Emin Gün Sirer has a fascinating post about how the use of NoSQL caused technical failures that led to the demise of Bitcoin exchanges Flexcoin and Poloniex. But these are only the latest in a long line of hacks of exchanges, other services, and individuals; a wide variety of bugs have been implicated. This suggests that there’s some underlying reason why Bitcoiners keep building systems that get exploited. In this post I’ll examine why.
Ed Felten provides good advice on this blog about what to do in the wake of Heartbleed, and I’ve read some good technical discussions of the technical problem (see this for a particularly understandable explanation).
Update Apr 11: To understand what Heartbleed is all about, see XKCD. Best. Explanation. Ever.
In this brief posting, I want to look at a different angle – what’s the scope of the vulnerability? [Read more...]
The Heartbleed vulnerability is one of the worst Internet security problems we have seen. I’ll be writing more about what we can learn from Heartbleed and the response to it.
For now, here is a quick checklist of what you can do to protect yourself.
After a 5-year long campaign by European and U.S. digital rights NGOs, today the European Parliament turned a dubious Commission proposal on its head to safeguard the principle of net neutrality. It’s a historic win, and all over the news. It also shows how digital rights advocacy is maturing. [Read more...]
Last week the press reported that the White House will seek to redesign the NSA’s mass phone call data program, so that data will be held by the phone companies and accessed by the NSA, subject to a new warrant requirement. The Foreign Intelligence Surveillance Court will issue the warrants.
Today Josh Kroll and I, with colleagues at Stanford University, released a draft paper on how to use cryptography to implement warrants to data in a secure, private, and accountable way.
[UPDATE (April 3, 2014): We've found an error in our paper. In the threshold signature scheme that we used, there are restrictions on the threshold value. In particular if the key is shared over a degree t polynomial, then 2t+1 players (not t+1) are required to to construct a signature. We thought that this could be reduced to t+1, but our technique was flawed. We are exploring various modifications, and we will post further details when we have an update.]
The Bitcoin ecosystem has been plagued by thefts and losses that have affected both businesses and individuals. The security of a Bitcoin wallet rests entirely on the security of its associated private keys which can digitally sign transactions to irreversibly spend the coins in the wallet. In a new paper, we show how to use the cryptographic technique of threshold signatures to increase the security of both corporate and individual wallets.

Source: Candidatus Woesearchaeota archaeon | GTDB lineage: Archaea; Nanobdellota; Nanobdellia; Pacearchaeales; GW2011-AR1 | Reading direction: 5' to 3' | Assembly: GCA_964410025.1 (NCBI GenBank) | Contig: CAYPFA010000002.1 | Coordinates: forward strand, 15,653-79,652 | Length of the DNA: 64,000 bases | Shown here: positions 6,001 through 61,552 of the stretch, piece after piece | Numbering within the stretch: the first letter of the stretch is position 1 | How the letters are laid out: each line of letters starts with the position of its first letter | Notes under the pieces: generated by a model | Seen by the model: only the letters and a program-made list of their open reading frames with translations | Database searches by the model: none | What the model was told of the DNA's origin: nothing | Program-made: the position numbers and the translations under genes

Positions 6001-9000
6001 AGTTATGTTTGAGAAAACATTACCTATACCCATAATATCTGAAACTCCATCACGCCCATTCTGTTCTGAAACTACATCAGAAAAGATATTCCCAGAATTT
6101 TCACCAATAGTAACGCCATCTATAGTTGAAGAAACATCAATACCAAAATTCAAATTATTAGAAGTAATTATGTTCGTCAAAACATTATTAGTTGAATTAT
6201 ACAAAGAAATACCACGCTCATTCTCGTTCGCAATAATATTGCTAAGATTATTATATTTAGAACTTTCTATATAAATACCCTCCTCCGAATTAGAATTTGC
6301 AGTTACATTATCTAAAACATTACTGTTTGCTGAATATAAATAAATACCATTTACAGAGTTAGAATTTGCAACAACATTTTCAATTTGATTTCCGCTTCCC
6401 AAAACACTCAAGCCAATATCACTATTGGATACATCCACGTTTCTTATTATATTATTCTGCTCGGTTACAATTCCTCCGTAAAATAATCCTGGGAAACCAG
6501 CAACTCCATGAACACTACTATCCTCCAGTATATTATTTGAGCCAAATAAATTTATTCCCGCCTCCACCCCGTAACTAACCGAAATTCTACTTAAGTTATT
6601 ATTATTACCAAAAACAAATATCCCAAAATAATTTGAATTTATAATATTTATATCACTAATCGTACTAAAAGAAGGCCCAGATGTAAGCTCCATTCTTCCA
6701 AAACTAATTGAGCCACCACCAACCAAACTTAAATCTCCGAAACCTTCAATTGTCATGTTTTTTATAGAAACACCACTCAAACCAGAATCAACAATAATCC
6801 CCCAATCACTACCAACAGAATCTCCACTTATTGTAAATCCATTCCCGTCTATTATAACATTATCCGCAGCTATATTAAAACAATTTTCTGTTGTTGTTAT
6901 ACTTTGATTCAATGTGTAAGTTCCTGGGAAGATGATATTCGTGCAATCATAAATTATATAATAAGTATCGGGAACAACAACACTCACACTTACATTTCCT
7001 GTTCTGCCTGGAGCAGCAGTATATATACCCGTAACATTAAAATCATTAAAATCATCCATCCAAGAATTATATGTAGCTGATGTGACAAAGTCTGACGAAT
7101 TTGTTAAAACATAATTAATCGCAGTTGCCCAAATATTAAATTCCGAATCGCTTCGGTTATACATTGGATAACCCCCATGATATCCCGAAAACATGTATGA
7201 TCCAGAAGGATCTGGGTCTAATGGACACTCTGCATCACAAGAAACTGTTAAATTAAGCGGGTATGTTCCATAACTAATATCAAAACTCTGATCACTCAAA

Perhaps Bitcoin’s toughest security challenge is protecting Internet-connected wallets from insider threats. Such hot wallets cannot be kept in highly secure, offline cold storage. One good way for businesses to mitigate this vulnerability is to have hot wallets jointly controlled by multiple parties. This way, no party can independently steal corporate funds. In our paper, we show how to achieve joint control of wallets using threshold signatures.
Last Wednesday evening, I attended the D.C. Open Government Summit: Street View, which took place at the National Press Club in conjunction with Sunshine Week. The Summit was sponsored by the D.C. Open Government Coalition, a non-profit that “seeks to enhance the public’s access to government information and ensure the transparency of government operations of the District of Columbia.” The Summit successfully focused on two main ideas – using government information to innovate and using government information to inform. I left the Summit encouraged by the enthusiasm for innovation and transparency in the attendees and among some District of Columbia government leaders, but also discouraged because there was a consensus that Washington, DC is still far behind cities such as New York, Kansas City, and Boston in using technology for innovation in government and there is not a vision or financial commitment from the Mayor’s office to facilitate government-wide progress.
At an academic meeting recently, I was surprised to hear some social scientists accept as obviously correct the claim that involving “algorithms” in decision-making, instead of sticking with good old-fashioned human decision-making, necessarily reduces accountability and increases the risk of bias. I tend to believe the opposite, that making processes algorithmic improves our ability to understand why they give the results they do. Let me explain why.